Way back in the 1990s, only the hope of a snow day, fear of torrential rain, or expectation for sunshine occurred—not the level of certainty we see with today’s weather forecasting technology. Regardless of your area, doppler radar can predict with utmost accuracy everything from wind speed, inches of snow, and the exact time you will need your raincoat during the day. The actual weather forecast of your company culture is much more challenging to predict. The positive is that we have a real opportunity to change the weather at work for good.
Can Culture Really Be Measured?Culture is difficult to measure because it’s multidimensional. The aspects that make up culture—its values, assumptions, and norms—cannot be fully assessed using only quantitative metrics. They require pulse checks, conversations, and qualitative data points. At the core, a strong company culture (one that emphasizes inclusion, belonging, and opportunity for all) also produces a set of trackable behaviors. People look to these normative behaviors to understand what is acceptable.
While one organization may protect psychological safety by encouraging the sharing of mistakes and lessons learned, another organization may have norms that encourage people to “fly under the radar” and avoid speaking up and sharing information for fear of retribution. Employees at different organizations quickly learn that knowledge is power and begin to hoard that knowledge versus sharing openly with colleagues and new employees, perpetuating inequitable systems and processes. Defining your culture in terms of actionable habits is an important part of the process, and grounding those habits in diversity, equity, and inclusion is essential to true culture transformation.
Culture Compared to What?People wake up every day and choose where they work. Part of an employee’s commitment to working for your organization should be demonstrating behaviors that align with company values. According to the digital advertising company, Lucidity, the top four most common company values are teamwork, customer focus, respect, and integrity, all of which are values deeply intertwined with inclusive equitable behaviors. Thus, examining the degree and consistency of teamwork, respect, and integrity would be the starting point for a company with those values to gauge the current or future direction of their people culture.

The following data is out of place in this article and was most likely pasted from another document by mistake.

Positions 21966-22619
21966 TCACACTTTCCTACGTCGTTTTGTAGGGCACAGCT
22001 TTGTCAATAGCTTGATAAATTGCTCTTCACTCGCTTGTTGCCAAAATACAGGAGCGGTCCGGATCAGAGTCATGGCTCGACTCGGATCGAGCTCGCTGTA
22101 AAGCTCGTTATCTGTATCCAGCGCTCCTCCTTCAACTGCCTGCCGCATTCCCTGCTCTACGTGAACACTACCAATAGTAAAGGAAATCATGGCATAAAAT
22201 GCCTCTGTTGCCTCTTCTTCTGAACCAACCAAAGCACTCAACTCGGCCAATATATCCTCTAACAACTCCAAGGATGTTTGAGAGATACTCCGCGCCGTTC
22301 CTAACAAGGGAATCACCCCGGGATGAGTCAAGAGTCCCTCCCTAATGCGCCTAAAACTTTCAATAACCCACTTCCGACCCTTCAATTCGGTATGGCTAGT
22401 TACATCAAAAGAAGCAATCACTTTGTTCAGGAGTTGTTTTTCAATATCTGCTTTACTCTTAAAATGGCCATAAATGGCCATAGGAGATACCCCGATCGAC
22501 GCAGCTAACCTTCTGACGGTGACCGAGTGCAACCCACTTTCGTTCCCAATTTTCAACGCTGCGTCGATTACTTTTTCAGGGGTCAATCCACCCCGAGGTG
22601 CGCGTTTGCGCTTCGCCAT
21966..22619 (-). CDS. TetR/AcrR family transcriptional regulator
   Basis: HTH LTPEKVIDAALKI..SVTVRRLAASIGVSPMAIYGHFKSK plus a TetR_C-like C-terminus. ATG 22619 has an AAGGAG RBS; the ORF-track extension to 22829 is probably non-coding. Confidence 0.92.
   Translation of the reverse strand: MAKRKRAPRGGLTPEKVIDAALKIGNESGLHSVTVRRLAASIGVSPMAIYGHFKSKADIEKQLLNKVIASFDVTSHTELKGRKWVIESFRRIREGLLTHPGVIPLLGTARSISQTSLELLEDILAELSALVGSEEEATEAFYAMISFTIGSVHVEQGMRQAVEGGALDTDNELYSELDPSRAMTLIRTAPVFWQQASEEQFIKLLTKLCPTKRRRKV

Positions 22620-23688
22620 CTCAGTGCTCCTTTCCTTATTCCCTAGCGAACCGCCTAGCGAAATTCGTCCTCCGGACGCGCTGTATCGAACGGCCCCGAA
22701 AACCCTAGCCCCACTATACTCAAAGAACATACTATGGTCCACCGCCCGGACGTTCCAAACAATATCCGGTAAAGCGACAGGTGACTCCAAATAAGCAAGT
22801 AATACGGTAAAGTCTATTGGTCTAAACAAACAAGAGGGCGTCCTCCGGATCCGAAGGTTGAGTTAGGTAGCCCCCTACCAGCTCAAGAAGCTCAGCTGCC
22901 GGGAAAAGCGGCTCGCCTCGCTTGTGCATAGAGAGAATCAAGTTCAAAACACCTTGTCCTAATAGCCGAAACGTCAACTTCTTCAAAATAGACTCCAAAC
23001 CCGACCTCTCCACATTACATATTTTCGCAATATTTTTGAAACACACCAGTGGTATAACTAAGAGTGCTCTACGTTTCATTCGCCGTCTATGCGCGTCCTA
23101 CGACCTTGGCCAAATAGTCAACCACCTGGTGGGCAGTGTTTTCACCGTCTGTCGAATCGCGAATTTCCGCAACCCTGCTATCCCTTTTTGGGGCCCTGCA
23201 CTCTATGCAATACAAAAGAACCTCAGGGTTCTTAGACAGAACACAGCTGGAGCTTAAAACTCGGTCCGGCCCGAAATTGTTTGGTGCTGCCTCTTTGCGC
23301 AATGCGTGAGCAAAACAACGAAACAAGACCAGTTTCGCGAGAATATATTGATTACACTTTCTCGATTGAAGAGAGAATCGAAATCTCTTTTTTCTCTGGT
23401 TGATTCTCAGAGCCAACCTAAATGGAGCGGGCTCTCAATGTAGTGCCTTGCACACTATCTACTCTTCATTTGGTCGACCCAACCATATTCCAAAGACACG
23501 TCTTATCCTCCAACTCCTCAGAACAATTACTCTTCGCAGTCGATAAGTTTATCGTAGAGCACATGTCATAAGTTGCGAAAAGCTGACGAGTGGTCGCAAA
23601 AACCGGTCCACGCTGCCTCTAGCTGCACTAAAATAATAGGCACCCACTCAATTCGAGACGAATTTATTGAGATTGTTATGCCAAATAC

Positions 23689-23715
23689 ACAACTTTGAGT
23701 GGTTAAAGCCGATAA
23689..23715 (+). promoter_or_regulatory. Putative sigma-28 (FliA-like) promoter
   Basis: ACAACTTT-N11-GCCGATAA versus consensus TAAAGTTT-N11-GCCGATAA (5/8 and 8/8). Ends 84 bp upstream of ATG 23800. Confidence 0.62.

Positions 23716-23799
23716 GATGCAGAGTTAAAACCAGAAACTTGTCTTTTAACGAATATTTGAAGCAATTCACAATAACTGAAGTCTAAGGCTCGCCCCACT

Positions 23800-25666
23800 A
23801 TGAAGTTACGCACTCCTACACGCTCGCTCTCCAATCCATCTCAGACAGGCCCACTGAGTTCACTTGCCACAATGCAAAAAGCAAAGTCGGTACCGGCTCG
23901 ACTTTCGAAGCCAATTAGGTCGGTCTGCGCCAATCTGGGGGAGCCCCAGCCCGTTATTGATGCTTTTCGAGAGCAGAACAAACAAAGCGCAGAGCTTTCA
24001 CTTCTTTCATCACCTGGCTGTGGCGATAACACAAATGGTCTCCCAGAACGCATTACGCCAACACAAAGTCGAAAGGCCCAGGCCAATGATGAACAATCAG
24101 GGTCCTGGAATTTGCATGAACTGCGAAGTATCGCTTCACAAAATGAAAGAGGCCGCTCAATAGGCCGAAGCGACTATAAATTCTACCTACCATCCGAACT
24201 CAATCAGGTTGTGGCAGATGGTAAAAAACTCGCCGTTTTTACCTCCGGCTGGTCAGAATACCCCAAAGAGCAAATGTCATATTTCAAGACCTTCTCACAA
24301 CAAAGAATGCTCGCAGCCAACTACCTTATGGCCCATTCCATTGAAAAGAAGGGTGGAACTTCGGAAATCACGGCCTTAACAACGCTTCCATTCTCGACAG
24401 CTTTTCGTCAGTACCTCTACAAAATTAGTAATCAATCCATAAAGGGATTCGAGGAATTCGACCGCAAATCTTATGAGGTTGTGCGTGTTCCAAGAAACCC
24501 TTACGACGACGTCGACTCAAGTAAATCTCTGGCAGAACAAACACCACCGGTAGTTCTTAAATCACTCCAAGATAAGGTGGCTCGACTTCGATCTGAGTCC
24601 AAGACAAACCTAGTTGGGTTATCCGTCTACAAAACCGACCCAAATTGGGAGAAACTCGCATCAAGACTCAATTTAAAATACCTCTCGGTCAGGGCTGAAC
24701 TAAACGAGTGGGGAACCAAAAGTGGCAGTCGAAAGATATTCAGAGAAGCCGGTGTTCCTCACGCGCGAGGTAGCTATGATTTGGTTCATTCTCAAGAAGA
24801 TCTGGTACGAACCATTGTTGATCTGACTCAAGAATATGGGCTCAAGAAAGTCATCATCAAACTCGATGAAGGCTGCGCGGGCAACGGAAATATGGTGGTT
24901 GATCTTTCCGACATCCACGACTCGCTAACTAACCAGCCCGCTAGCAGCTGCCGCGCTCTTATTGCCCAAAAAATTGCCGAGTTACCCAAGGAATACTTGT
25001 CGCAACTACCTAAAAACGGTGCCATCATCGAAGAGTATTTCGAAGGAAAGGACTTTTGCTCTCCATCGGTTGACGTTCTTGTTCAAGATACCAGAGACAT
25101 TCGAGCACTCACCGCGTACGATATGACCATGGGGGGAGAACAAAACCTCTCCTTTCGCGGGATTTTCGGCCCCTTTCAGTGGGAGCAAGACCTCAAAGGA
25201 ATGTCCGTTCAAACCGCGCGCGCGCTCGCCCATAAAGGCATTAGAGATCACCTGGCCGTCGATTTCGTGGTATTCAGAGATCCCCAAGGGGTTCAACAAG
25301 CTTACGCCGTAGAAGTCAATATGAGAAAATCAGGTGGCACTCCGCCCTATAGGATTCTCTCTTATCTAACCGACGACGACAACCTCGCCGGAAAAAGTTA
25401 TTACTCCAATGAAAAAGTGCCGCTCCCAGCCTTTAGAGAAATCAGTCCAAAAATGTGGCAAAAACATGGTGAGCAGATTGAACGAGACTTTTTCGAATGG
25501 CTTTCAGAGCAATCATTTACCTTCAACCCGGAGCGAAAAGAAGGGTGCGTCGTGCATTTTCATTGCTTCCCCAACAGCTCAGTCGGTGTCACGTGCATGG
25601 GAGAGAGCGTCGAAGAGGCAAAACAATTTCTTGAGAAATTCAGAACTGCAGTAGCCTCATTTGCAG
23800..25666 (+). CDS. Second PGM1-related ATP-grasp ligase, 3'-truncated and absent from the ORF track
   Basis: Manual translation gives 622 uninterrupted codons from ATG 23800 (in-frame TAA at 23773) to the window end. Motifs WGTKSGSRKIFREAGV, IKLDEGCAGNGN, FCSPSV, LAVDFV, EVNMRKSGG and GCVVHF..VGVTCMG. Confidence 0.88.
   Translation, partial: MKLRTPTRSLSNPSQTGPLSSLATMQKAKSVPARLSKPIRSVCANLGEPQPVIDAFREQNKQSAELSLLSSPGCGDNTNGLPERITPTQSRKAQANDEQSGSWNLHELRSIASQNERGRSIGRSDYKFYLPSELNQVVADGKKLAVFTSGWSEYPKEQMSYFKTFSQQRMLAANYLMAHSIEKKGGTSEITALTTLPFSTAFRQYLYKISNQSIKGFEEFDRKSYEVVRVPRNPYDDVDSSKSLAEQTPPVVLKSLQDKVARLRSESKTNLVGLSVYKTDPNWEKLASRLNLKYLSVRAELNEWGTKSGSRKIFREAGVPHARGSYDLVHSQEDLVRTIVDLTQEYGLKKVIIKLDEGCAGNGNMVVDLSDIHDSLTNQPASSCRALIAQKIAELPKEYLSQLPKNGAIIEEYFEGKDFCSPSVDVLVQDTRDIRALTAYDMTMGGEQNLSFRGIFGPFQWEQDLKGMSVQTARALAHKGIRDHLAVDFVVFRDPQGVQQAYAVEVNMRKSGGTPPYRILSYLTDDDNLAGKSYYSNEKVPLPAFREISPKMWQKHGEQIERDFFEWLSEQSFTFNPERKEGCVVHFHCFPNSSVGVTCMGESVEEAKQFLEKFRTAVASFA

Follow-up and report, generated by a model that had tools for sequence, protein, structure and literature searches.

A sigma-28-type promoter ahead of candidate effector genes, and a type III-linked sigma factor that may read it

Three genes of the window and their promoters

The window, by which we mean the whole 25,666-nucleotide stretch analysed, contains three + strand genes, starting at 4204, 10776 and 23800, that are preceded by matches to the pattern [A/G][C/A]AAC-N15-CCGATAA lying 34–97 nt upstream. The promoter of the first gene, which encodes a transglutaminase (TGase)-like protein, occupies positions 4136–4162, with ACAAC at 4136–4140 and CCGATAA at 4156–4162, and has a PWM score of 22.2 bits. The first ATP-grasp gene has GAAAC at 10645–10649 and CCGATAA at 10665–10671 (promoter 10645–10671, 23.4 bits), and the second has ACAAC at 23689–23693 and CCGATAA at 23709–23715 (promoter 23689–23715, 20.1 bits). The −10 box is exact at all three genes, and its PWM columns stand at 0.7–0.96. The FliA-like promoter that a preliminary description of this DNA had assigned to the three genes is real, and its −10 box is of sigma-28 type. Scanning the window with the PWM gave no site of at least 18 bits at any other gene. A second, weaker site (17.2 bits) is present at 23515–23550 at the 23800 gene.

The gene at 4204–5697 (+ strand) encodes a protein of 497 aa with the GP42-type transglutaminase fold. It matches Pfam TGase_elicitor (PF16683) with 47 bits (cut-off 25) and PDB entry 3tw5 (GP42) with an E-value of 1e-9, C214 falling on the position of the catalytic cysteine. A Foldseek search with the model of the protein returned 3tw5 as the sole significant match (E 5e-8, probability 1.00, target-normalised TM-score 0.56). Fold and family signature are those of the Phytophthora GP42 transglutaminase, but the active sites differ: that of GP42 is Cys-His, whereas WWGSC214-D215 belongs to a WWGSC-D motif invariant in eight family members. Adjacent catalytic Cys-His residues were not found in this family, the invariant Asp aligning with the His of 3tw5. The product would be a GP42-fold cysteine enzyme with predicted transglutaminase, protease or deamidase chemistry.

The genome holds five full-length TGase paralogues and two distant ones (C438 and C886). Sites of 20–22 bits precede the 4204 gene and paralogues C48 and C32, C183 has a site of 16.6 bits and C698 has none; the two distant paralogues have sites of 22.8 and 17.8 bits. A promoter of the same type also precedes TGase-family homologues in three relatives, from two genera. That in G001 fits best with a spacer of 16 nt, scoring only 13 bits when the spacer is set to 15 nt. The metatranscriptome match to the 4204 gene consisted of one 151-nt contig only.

Getting StartedMore than words on the wall, bringing company values to life can be as simple (or as challenging) as bringing people together to talk about what they mean and reaching agreement on what behaviors match up with each value. The action steps listed below can be used with leaders as well as small groups of cross-functional teams:
1. Values in action planning. Assemble a diverse team to plan a series of work sessions. Be intentional about assembling a group that includes a strong “out in the field” presence to avoid any perception that this is an HR program only.
2. Real stories discussion workshops. Begin by hosting several elective sessions for people to come together to describe what they see and hear to unearth patterns of biased or exclusive behavior that should receive emphasis or a greater sense of urgency.
3. Values one by one. Send your people on a learning journey that includes a deep dive into each company value. Involve operational leaders and individual contributors to describe their personal connection to each value. Craft a learning journey and inject small learning moments that help employees recognize the distinct advantage that comes with aligning their behaviors around each value.
4. Relaunch your values. The final step in this process is essential. Gather everything people have learned and share this in an authentic way. Paint a picture of how values have played out (or have not) in the past and then offer an inspiring message about how to move forward together. Pull in charismatic leaders to reinforce this message.